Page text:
Compare any two graphics cards:
Radeon HD 5870 vs Radeon HD 7970
IntroThe Radeon HD 5870 uses a 40 nm design. ATi has set the core frequency at 850 MHz. The GDDR5 memory is set to run at a speed of 1200 MHz on this model. It features 1600(320x5) SPUs along with 80 TAUs and 32 Rasterization Operator Units.
Compare all of that to the Radeon HD 7970, which makes use of a 28 nm design. ATi has clocked the core speed at 925 MHz. The GDDR5 RAM is set to run at a frequency of 1375 MHz on this card. It features 2048 SPUs as well as 128 Texture Address Units and 32 Rasterization Operator Units.
(No game benchmarks for this combination yet.)
Power Usage and Theoretical Benchmarks
Power Consumption (Max TDP)
The Radeon HD 7970, in theory, should be a lot faster than the Radeon HD 5870 in general. (explain)
Texel RateThe Radeon HD 7970 should be quite a bit (approximately 74%) faster with regards to texture filtering than the Radeon HD 5870. (explain)
Pixel RateThe Radeon HD 7970 is just a bit (about 9%) faster with regards to full screen anti-aliasing than the Radeon HD 5870, and also capable of handling higher screen resolutions better. (explain)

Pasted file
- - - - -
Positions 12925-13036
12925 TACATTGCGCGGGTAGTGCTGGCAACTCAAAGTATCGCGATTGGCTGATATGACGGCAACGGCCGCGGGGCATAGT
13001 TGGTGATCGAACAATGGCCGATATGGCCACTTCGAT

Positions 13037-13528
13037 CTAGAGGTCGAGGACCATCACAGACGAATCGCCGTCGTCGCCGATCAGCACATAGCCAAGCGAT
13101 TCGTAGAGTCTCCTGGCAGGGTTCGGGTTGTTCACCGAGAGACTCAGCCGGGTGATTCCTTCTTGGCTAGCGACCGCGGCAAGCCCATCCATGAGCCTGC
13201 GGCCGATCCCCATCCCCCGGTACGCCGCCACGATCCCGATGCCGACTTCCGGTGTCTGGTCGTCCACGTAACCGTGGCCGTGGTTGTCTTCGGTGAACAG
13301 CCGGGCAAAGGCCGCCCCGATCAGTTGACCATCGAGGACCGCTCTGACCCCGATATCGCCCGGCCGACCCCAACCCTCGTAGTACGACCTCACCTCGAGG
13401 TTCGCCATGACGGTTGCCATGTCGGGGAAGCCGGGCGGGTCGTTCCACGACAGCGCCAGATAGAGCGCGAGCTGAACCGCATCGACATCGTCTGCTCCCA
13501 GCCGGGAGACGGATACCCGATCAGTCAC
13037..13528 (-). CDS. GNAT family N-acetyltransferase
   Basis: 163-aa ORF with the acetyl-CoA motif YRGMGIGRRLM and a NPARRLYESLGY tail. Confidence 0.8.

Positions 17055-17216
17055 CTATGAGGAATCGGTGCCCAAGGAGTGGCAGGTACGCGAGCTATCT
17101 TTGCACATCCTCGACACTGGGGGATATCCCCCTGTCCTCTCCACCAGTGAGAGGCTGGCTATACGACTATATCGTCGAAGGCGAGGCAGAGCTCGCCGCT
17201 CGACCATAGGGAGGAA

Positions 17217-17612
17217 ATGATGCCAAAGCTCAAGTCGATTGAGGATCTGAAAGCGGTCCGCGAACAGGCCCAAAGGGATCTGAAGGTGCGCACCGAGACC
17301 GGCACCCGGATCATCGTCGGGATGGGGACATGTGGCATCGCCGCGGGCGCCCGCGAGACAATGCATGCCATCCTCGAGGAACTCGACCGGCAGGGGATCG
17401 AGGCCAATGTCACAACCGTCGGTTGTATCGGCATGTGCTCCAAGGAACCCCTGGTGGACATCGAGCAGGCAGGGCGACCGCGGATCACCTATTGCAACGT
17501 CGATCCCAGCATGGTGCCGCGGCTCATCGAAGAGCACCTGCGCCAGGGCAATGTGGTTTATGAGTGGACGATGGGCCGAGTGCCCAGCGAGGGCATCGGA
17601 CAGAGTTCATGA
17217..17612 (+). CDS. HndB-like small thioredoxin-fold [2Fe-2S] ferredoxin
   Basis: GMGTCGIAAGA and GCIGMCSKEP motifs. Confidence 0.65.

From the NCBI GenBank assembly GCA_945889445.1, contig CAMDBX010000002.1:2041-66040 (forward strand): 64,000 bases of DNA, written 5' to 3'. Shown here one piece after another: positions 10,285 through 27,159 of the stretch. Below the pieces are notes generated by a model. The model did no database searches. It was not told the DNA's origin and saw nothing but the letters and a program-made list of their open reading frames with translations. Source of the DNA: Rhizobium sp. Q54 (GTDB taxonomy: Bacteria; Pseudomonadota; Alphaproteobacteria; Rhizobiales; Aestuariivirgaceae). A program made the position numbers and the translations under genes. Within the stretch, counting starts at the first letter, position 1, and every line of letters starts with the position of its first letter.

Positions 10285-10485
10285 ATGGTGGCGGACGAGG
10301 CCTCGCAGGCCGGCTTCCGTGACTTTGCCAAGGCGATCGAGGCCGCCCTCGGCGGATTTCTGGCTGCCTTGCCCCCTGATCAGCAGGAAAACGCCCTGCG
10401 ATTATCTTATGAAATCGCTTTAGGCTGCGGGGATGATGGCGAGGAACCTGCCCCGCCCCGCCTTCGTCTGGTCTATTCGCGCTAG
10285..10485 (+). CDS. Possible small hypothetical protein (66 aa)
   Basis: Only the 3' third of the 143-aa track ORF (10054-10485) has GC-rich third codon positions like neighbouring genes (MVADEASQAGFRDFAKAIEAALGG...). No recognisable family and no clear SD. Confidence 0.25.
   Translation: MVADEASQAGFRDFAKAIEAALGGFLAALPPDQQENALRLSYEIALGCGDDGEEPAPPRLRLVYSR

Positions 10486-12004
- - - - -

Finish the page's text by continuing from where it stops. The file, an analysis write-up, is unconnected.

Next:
Please note that the above 'benchmarks' are all just theoretical - the results were calculated based on the card's specifications, and real-world performance may (and probably will) vary at least a bit.
Price ComparisonPlease note that the price comparisons are based on search keywords, and might not be the exact same card listed on this page. We have no control over the accuracy of their search results.
Memory Bandwidth: Bandwidth is the max amount of data (in units of MB per second) that can be moved across the external memory interface in a second. It's worked out by multiplying the card's interface width by its memory clock speed. If the card has DDR type memory, it should be multiplied by 2 again. If it uses DDR5, multiply by ANOTHER 2x. The better the card's memory bandwidth, the faster the card will be in general. It especially helps with AA, HDR and high resolutions.
Texel Rate: Texel rate is the maximum texture map elements (texels) that can be processed per second. This number is calculated by multiplying the total amount of texture units by the core clock speed of the chip. The better the texel rate, the better the video card will be at texture filtering (anisotropic filtering - AF). It is measured in millions of texels processed in a second.
Pixel Rate: Pixel rate is the maximum number of pixels the graphics card can possibly record to its local memory per second - measured in millions of pixels per second. The number is worked out by multiplying the number of ROPs by the the core clock speed. ROPs (Raster Operations Pipelines - aka Render Output Units) are responsible for outputting the pixels (image) to the screen. The actual pixel fill rate is also dependant on many other factors, especially the memory bandwidth - the lower the memory bandwidth is, the lower the potential to get to the maximum fill rate.